Health & Safety
African Caribbean Adults Health Warning
2 February 2013
The British Heart Foundation (BHF) has published a report confirming that African Caribbean adults in the UK are more likely to develop serious health problems than the general UK population.
One in four African Caribbean adults are unaware they are at higher risk of high blood pressure and diabetes.
BHF Study Findings
According to figures published by the British Heart Foundation in a recent study. African Caribbean adults are most vulnerable and the latest studies reveal worrying statistics showing that African Caribbean adults in the UK are:
- Twice as likely to have a stroke and heart disease as people of European origin,
- Twice as many are likely to develop diabetes than the general UK population,
- The group at the highest risk of high blood pressure for ethnic minorities.
Worryingly, the British Heart Foundation study found that:
- Around one in four African Caribbean adults in the UK are unaware and don't realise they're at higher risk at all and don't realise their ethnicity increases their risk of high blood pressure and diabetes - major risk factors for stroke,
- More than half of African Caribbean adults (51%) don't know the recommended ideal level for blood pressure,
- Less than half of those surveyed (46%) know the recommended maximum daily allowance for salt is one teaspoon.
- Only 36% know the recommended amount of physical activity they need a week to stay healthy is 150 minutes or 2.5 hours of moderate intensity activity (exercise).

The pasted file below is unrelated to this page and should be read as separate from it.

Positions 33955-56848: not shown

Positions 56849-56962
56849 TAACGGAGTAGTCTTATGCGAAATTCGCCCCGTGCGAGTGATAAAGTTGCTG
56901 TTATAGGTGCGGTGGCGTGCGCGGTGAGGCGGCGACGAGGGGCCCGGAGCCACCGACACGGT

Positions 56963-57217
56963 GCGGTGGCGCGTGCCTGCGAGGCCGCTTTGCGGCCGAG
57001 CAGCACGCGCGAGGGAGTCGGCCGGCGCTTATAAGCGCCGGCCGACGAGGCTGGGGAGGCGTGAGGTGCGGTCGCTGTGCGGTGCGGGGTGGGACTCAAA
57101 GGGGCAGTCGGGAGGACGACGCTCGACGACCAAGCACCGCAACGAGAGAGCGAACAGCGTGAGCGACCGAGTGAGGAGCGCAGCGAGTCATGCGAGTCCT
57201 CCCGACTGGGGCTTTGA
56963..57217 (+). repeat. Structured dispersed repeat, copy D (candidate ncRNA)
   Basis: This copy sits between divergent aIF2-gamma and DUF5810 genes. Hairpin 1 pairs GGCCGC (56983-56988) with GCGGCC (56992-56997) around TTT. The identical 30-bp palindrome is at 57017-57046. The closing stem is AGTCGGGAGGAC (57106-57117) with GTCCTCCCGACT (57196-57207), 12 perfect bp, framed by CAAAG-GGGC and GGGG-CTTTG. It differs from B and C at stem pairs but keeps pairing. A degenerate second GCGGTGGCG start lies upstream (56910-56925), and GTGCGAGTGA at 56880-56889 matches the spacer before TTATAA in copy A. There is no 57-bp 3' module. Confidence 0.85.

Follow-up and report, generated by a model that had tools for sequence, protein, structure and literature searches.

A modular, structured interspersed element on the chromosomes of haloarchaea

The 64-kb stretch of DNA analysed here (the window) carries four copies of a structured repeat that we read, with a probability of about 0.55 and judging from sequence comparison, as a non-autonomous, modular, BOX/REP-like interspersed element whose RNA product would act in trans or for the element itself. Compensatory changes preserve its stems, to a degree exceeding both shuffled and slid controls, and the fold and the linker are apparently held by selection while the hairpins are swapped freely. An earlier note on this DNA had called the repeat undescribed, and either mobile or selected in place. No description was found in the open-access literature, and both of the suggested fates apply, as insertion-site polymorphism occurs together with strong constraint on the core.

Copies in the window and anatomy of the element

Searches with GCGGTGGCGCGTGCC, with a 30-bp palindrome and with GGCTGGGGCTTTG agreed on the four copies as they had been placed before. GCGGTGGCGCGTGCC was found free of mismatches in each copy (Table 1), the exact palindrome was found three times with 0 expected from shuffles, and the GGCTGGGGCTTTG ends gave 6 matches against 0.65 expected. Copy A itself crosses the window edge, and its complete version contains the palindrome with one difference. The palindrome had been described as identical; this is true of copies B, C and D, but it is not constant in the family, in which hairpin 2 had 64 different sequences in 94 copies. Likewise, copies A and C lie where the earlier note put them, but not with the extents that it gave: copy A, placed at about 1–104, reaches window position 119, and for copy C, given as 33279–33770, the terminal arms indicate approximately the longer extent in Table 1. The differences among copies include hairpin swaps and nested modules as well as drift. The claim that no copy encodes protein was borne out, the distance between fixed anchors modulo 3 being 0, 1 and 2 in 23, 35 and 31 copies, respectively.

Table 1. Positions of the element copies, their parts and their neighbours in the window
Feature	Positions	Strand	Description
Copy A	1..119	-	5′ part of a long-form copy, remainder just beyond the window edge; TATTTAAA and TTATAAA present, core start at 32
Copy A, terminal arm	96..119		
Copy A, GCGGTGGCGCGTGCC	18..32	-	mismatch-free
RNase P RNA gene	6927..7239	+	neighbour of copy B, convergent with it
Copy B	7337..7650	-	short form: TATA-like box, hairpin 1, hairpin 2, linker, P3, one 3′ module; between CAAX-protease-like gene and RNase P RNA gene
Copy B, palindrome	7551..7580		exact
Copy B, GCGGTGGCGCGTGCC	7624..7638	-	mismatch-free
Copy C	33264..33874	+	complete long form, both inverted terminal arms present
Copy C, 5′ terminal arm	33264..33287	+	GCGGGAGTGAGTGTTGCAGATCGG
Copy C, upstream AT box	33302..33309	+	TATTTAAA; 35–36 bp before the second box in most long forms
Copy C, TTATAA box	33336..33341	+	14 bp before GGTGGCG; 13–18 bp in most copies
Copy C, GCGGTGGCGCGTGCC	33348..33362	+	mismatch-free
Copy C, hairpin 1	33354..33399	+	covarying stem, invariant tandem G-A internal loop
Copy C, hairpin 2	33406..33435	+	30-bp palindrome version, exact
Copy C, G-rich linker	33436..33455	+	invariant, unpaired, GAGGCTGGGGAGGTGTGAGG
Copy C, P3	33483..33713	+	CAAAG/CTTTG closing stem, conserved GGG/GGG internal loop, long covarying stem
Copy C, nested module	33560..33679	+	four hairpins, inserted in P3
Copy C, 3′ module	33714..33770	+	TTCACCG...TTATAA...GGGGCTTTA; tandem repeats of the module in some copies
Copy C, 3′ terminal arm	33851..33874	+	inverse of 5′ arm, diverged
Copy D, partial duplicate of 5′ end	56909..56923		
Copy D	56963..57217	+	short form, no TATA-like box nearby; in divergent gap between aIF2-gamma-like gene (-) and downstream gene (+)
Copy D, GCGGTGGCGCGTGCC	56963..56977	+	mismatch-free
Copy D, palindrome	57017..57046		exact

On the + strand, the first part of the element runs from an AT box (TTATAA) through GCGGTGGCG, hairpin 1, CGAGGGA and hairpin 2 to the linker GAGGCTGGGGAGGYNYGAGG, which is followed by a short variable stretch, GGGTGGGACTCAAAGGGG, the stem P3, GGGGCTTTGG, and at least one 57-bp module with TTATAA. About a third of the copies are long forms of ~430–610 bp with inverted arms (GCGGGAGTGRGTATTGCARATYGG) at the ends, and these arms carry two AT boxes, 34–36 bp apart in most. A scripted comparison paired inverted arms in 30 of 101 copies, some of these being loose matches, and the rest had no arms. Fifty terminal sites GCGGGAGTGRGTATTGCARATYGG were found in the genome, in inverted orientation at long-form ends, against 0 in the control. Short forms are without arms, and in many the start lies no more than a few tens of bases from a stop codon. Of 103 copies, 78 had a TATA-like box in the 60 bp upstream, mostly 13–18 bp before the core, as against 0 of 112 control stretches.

- Less than half of those surveyed (46%) know the recommended maximum daily allowance for salt is one teaspoon (6g)
- Just 14% know the recommended maximum waist circumference is less than 37 inches for men and 31.5 inches for women.
Genetic and Dietary Connections
High Blood Pressure and diabetes are much more prevalent in this community and they are major risk factors for heart disease and stroke. In fact someone who is African-Caribbean has over double the risk of diabetes than someone who is originally from the UK. That's why it's absolutely vital that the African-Caribbean community recognise that and try to take action to protect themselves.
The British Heart Foundation say they think there's a genetic element why the African-Caribbean population are at higher risk - but the key things are that this group of people are more likely to have high blood pressure and are much more likely to have diabetes, and these are key risk factors for stroke and heart disease.
The traditional Caribbean diet can contain high amounts of salt and saturated fats. Salt is a major factor. Dishes high in salt content are a potential health risks. However it's not just salt intake, it's about a better lifestyle as well.
Get A Check-Up
A simple check up by a doctor or nurse at the GP surgery can determine whether a person is suffering from high blood pressure and if necessary a test for diabetes can be arranged. From there medication along with changes to diet and lifestyle can reduce the risk of heart disease and stroke dramatically. For those 40 or over, they can get their health checked at their local GP surgery by either a nurse or GP. Contact the GP surgery for more information.
Early diagnosis of high blood pressure is important. Then with careful management and changes to lifestyle, keeping to a healthy weight and body shape, a diet rethink, reduced salt intake, quit smoking, moderate drinking alcohol, blood pressure medication if required - there's no reason why those concerned can't then lead an active and healthy life.